The response of Jesus … is part of the salvific act. What Paul means by it is the faithful obedience that Jesus showed  to the Father in his life and death. The “faith of Jesus” is Jesus’ human response to God, which enables others to “have faith” and to “be made righteous by faith.” In other words, God established the fundamental gift of righteousness through Jesus’ obedience on the cross; humans appropriate that gift by trusting an obeying it the same way Jesus did.

Nevertheless, this has not exactly been a quiet debate. Feel free to peruse this helpful summary of the grammatical and theological debates written in 2010 by Matthew C. Easter (free PDF link on the right-hand side of that site). Easter concludes – surprise! – that the grammatical debates are inconclusive, and that each scholar is essentially arguing from his or her preferred theological construct.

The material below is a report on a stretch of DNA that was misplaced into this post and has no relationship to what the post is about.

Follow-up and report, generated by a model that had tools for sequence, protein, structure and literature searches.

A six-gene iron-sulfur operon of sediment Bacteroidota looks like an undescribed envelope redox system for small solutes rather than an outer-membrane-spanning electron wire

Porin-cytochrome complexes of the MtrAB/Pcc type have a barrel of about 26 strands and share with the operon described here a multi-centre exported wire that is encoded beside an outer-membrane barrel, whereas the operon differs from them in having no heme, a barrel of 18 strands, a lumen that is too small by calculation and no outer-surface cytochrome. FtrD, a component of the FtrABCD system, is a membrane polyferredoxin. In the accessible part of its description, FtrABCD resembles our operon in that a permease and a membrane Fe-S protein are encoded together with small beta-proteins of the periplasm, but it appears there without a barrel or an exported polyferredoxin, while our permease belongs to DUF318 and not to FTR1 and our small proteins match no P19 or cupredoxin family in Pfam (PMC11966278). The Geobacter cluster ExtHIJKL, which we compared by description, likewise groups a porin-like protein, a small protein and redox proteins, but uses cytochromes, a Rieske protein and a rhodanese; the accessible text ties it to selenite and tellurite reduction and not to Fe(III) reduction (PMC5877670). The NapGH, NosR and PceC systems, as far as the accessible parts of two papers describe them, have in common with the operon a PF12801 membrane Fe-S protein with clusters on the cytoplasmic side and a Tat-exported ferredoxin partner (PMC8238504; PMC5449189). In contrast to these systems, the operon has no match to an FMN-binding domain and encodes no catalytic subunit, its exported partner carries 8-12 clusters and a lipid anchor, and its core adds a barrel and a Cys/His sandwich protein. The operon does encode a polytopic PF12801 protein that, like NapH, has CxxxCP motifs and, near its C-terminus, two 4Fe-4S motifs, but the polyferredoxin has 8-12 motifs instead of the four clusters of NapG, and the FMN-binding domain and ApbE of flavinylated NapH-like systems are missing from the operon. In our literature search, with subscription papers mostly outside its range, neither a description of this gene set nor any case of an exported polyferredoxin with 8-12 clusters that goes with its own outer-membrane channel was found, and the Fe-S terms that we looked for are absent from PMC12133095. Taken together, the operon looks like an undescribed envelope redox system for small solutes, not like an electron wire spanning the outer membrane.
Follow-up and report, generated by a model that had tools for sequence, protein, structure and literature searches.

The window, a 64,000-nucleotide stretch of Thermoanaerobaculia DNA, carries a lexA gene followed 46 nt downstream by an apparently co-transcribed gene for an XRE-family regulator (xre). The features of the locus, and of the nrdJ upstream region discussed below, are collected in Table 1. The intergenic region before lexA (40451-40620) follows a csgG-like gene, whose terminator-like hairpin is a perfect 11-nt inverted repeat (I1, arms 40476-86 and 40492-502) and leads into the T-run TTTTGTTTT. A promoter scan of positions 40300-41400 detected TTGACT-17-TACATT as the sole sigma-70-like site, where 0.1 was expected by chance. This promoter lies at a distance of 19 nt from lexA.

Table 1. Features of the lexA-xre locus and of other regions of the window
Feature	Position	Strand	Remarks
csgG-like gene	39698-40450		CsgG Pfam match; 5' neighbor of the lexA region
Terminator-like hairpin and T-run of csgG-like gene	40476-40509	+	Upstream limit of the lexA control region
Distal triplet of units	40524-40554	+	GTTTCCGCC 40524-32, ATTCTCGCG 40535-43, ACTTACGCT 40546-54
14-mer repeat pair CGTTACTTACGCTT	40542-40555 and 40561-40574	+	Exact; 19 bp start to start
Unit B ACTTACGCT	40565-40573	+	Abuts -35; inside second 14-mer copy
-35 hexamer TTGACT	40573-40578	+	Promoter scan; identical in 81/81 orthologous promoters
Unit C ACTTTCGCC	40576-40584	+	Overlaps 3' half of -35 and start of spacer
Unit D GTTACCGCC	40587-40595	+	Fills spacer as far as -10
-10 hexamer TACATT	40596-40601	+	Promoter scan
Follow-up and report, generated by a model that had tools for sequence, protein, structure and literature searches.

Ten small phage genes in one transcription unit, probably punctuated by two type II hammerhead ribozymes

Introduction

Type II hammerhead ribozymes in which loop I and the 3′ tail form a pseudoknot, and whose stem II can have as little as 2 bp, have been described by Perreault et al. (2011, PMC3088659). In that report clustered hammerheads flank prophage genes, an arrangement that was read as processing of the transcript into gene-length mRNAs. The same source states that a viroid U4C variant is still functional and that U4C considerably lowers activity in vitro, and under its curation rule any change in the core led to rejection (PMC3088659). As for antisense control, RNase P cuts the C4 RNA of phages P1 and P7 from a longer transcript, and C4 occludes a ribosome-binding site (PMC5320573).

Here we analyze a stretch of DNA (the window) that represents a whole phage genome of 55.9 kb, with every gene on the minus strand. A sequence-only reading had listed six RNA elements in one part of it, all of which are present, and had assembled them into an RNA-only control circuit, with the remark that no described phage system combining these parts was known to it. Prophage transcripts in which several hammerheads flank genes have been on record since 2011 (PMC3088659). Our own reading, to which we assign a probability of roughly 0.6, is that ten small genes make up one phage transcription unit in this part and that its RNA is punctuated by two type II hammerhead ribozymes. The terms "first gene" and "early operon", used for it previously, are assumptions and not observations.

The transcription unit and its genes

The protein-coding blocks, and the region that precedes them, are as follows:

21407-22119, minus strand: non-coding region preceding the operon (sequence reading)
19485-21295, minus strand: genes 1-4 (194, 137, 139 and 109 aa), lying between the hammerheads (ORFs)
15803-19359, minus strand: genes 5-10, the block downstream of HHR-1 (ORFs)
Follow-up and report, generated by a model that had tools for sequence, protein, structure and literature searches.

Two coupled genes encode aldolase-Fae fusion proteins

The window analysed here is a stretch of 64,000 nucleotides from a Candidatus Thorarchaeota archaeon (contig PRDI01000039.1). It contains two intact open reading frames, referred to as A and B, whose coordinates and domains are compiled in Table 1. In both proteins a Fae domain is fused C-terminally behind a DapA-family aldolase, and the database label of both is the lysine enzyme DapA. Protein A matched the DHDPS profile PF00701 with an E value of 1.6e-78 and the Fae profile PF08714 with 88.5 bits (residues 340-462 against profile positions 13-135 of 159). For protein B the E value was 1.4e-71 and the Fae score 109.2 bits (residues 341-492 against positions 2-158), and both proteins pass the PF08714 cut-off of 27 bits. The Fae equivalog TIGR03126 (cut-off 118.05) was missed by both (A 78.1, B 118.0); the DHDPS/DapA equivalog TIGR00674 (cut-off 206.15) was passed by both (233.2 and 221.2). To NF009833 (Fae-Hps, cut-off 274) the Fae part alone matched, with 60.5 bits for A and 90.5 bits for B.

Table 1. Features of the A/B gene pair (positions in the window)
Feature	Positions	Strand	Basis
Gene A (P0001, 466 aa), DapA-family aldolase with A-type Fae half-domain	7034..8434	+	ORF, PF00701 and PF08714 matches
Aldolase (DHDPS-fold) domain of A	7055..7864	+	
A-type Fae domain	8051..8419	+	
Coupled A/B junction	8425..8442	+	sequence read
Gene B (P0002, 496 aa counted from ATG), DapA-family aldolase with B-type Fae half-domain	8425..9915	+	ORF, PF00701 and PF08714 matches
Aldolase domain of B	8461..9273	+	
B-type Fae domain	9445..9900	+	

Appeals to grammatical or immediate contextual arguments have been largely refuted on both sides … and so interpreters have either intentionally or unintentionally relied on their larger understanding of Paul’s theology to support one position or the other.

I don’t think I have to tell you that no one has yet found a way for us all to agree on Paul’s theology either.

Andrew Wilson, who takes the side that the traditional interpretations have it right by translating it “faith in Christ,” quickly summarizes why this debate can be a big deal, Johnson’s earlier-cited attempts at harmonization aside: